Way back when, after I arrived in France, I wanted to also be in the south of France, in Provence, and I did go off on the lookout in Paris for a large, sturdy mortar and pestle to make all those Provençal favorites, like garlic-laden aïoli and soupe au pistou. I didn’t know what a mortar and pestle were called in French at the time, so I went into cookware shops, made a fist around an imaginary cylindrical object in front of me, and shook it up and down maniacally and with great vigor to get across the idea of what I was looking for. Suffice it to say, I got plenty of odd looks—I’m still not exactly sure why, but no one was able to figure out exactly what it was that I was after.
Eventually I got with the program, and learned the name, and found a few pretty mortars and pestles usually made of glass or something equally unstable. But for all the pounding in Paris that I planned to do, I needed something that’s going to take it like a man and hold up during the rigors I’d put it through in my kitchen. Especially for making a batch of tapenade, a pounded paste of olives and capers, a dash of mustard, some garlic, and a slick of olive oil.
For years I pounded away alone at home, making a batch a week of tapenade, squeezing those olives and squirting oily juice all over the place, then pounding until my arm felt like it was ready to drop off. During my days as a pulp pounder, I learned a few tips: One is to rinse the capers and wring them dry with your hands to get rid of any briny taste. And using good olives was another one tip that goes without saying. But like most men of my ilk, soon I started to cheat, albeit on myself, and began buying the olives that were already pitted. Then, for some reason, I bought pre-made tapenade, which is widely available in Paris. And not bad! Fortunately the earth didn’t open up and swallow me whole and life as we know it didn’t end.
However at some point, the call of making my own again returned, and I was happy to return to making my own tapenade, which is much, much better than the stuff you can buy – no matter where you live.
Tapenade is very versatile and can be used a number of ways rather than just as a spread on crackers or toasts. Spread a thin layer of it between the skin of chicken breasts or thighs before roasting. Put dabs on hard-cooked eggs and top with chervil for you next cookout. Spread it on a sandwich instead of mustard or mayo, or fold some into an omelet with some creamy-smooth goat cheese. If you need a quick dinner idea, toss it in pasta as an instant sauce with chunks of fresh cooked or good-quality canned tuna, adding cubes of feta at the end.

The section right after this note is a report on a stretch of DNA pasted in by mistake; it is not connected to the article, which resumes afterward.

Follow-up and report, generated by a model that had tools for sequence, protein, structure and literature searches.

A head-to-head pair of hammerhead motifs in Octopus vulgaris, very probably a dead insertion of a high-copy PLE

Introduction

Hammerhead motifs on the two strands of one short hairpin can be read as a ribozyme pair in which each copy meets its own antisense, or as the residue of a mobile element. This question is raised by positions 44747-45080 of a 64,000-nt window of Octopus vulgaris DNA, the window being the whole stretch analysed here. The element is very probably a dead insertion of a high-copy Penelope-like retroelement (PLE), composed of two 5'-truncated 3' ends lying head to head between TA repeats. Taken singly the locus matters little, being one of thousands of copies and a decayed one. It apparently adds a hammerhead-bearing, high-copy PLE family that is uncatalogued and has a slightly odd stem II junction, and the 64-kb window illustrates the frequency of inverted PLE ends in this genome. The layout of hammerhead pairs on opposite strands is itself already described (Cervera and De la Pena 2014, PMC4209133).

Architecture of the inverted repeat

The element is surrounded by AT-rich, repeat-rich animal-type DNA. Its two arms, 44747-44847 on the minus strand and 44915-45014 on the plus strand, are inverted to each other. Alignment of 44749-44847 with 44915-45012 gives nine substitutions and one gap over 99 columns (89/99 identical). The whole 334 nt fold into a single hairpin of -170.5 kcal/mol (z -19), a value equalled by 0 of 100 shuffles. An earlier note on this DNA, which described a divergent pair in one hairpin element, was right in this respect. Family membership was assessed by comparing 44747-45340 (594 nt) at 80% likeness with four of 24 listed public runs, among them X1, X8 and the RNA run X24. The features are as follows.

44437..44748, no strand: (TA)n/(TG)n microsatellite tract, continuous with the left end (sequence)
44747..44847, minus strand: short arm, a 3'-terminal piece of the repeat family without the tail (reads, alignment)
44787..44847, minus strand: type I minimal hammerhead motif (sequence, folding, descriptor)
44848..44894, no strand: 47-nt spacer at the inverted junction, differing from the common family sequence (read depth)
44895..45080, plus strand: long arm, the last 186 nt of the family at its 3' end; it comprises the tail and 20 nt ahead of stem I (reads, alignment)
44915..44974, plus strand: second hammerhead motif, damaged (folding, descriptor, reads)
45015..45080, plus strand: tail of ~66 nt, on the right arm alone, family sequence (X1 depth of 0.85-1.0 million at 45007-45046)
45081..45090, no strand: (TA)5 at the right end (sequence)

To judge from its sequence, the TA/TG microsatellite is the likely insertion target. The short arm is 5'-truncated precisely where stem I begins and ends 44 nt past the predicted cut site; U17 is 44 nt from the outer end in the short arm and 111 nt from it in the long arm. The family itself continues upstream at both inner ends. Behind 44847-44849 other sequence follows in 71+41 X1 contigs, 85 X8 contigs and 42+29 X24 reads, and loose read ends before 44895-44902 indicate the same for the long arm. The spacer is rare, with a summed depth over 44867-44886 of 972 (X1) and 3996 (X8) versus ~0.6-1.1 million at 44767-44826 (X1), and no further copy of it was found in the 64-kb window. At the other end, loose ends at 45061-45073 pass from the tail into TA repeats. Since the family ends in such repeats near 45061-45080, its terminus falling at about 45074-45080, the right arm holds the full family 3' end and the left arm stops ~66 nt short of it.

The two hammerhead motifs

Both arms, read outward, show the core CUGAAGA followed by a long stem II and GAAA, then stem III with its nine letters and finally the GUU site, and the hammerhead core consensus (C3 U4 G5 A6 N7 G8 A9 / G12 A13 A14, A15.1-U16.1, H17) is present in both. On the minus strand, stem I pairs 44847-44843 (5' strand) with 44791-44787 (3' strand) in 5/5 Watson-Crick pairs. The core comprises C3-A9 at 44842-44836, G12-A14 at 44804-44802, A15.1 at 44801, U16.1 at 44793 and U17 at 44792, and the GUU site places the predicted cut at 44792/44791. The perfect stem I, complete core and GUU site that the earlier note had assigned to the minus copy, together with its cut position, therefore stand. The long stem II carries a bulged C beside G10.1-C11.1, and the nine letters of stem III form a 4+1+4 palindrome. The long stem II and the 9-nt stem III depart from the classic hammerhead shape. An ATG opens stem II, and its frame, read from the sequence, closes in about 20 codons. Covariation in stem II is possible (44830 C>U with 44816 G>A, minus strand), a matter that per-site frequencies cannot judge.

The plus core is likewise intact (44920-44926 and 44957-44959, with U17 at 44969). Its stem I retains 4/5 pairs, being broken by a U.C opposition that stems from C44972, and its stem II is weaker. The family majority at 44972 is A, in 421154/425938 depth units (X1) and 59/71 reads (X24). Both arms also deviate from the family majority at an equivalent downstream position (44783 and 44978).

One tapenade that I’m particularly fond of is this one, a Fig and Olive Tapenade with plumped dried figs. The fruits not only taste terrific with olives, but decreases the amount of pitting and chopping you’ll need to do. This recipe was adapted from a recipe by the cheery and charming Carrie Brown, owner of the Jimtown Store in Healdsburg, California, and is also in her book, The Jimtown Store Cookbook. And I also like the crunch of the little seeds in the tapenade. Give this one a try. But if you’re looking for a more traditional tapenade, you’ll find a recipe in My Paris Kitchen, along with a few other of my favorites, like Green Olive, Basil and Almond and even an Artichoke Tapenade that you’re sure to look as well.
Fig and Olive Tapenade
- 1/2 cup (about 3 ounces, 90g) stemmed and quartered dried black figs, (use dried Black Mission figs, if available)
- 3/4 cup (180ml) water
- 1 cup (about 150g) black olives; Niçoise, Nyons, or Greek, rinsed and pitted
- 1 1/2 tablespoons lemon juice
- 2 teaspoons whole-grain or Dijon mustard
- 1 small garlic clove, peeled
- 1/2 tablespoon capers, rinsed, drained and squeezed dry
- 1 teaspoon finely chopped fresh rosemary or thyme
- 1/2 cup (150ml) extra-virgin olive oil
- black pepper and salt, if necessary
- In a medium-sized saucepan, simmer the figs in the water for about 30 minutes, until very tender. Drain, reserving a few tablespoons of the liquid.
- If using a food processor, pulse the pitted olives, drained figs, lemon juice, mustard, garlic, capers, and fresh rosemary or thyme to create a thick paste. Pulse in the olive oil until you’ve achieved a chunky-smooth paste. Season with black pepper and salt, if necessary. (The spread can be thinned with a bit of the reserved fig poaching liquid.)
- If using a mortar and pestle, mash the olives with the mustard, garlic, capers, and fresh rosemary or thyme. Pound in the drained figs. Once they are broken up, add in the lemon juice, olive oil and season with salt and pepper, and fig juice, if necessary.